You bring the — I would say: notorious and hypothetical — “much more advanced civilization” into play. I don’t know any good reason — e.g. by extrapolating (how?) our current physical knowledge –, why there seriously “may be a possibility”.

        I insist: “warp speed” is science fiction — at most.

      3. “‘Warp speed’ is no more just a science fiction term since physicist Alcubierre …”

        I want to add — after having (again) looked into Alcubierre’s paper at (2000; originally published in Classical and Quantum Gravity, 1994) –, that Alcubierre did not use the term “warp speed” in his paper.

        Merriam-Webster tells about the origin of “warp speed”: “from the use in science fiction of space-time warps to allow faster-than-light travel”, and about the first known use: “1979”.

        It’s questionable whether Alcubierre himself used this term at all (correct me somebody, please; I would be interested). As far as I can tell, he does, at least, not need the term “warp speed” in the explications of his approach.

  3. Just a thought, but would the constant high speed collisions with galactic hydrogen produce enough heat to keep the planet warm?
    If the hydrogen heats up the leading side of such a planet, would it show up in infrared? Maybe we can see them. Torbjörn?
    A collision with anything much larger would probably be disastrous at these speeds, I would think.

    1. Perfect opportunity for a back-of-the-envelope calculation 😀

      The density of the interstellar medium is 10E-21 kg per cubic metre (I’m going to ignore precise values and just use orders of magnitude)

      3% of the speed of light is 10E7 meters per second

      So a planet with the same cross-section as Earth (10E14 square meters) travelling at that speed would draw out a volume of 10E21 cubic meters each second, soaking up 1kg of interstellar material (a surprisingly neat figure, orders-of-magnitude wise :))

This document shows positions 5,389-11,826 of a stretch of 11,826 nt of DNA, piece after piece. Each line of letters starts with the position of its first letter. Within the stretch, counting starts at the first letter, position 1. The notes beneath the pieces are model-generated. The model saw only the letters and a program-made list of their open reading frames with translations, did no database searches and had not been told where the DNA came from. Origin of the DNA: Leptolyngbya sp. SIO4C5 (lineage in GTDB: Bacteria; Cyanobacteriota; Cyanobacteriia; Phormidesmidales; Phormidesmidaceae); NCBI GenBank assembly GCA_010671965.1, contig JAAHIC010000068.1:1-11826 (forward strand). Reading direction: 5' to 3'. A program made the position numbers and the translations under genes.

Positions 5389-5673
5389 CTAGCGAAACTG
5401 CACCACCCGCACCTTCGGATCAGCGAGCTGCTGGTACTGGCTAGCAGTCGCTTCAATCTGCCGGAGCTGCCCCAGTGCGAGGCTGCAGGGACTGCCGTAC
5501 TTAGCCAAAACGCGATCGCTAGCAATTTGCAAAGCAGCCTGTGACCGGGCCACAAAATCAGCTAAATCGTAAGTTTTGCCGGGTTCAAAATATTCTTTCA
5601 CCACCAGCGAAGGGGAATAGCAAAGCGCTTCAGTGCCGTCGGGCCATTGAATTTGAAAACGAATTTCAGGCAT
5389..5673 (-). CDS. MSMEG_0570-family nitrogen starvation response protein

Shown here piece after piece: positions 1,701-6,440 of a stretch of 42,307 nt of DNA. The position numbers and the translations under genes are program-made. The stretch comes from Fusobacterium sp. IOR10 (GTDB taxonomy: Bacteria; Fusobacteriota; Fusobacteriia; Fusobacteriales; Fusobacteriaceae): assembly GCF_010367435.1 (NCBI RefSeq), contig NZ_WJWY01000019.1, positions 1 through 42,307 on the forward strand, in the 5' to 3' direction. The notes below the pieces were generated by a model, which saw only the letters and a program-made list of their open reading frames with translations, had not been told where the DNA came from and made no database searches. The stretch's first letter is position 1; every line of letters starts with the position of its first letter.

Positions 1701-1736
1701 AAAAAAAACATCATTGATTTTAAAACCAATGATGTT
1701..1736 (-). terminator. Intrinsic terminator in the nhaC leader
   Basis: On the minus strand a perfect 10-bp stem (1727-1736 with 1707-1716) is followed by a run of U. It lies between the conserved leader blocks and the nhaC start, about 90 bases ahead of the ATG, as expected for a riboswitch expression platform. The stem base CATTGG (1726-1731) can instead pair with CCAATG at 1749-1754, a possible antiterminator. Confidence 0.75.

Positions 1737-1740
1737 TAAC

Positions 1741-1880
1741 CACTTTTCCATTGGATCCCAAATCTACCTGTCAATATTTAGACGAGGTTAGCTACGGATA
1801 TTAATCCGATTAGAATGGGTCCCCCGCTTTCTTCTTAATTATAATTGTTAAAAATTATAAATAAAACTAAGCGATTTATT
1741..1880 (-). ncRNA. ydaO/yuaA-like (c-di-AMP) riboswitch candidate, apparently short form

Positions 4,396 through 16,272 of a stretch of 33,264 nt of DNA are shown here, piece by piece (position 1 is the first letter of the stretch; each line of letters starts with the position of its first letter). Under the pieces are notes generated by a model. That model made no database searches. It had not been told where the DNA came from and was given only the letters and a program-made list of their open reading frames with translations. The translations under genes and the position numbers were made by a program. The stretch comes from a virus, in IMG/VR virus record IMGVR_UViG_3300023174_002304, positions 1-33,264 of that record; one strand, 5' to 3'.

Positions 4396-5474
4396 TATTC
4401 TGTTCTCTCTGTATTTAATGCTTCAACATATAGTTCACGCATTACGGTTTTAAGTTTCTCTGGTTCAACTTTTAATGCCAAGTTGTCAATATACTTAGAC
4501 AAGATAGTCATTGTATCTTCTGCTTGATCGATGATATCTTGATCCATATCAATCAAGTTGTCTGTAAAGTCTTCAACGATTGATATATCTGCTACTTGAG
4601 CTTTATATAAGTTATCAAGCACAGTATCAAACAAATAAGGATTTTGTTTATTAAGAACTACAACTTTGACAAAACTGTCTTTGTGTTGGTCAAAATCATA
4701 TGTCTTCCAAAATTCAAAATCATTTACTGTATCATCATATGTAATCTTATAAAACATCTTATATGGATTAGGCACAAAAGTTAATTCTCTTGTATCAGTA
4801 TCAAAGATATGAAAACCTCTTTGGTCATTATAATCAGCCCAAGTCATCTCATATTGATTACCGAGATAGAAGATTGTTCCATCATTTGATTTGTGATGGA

1kg of interstellar material travelling at 3% of the speed of light relative to the planet on average would have 10E14 joules of kinetic energy (ignoring relativistic effects), so assuming it all gets dissipated into heat, the planet (or its atmosphere at least) would receive 10E14 joules of heat each second.

      Which is about as much as it would receive from the Sun at Saturn’s distance, and about a thousand times less than what Earth receives from the Sun (10E17).

      Hmm… given it’s “only” 3 orders of magnitude difference, I think a more precise calculation may be warranted, but I wouldn’t bet money on a rogue hyper-velocity planet being balmy.

      1. Well, and this supposes that these particles will reach the atmosphere to impart their thermal energy. If the planet maintains any sort of magnetic field due to internal dynamism, wouldn’t that deflect the particles before they got close?

      2. Well, and this supposes that these particles will reach the atmosphere to impart their thermal energy. If the planet maintains any sort of magnetic field due to internal dynamism, wouldn’t that deflect the particles before they got close?

      3. Or conversely, a magnetic field might channel them into the planet… I’m not too hot on magnetics so I can’t say for sure either way.

      4. Squidgeny did the heavy lifting for any sort of contemplation of heating effects.

        What magnetic fields does is trapping particles in the Van Allen belts, where they either bleed into the atmosphere, or as recently discovered is purged from time to time by CMEs (IIRC) and what not.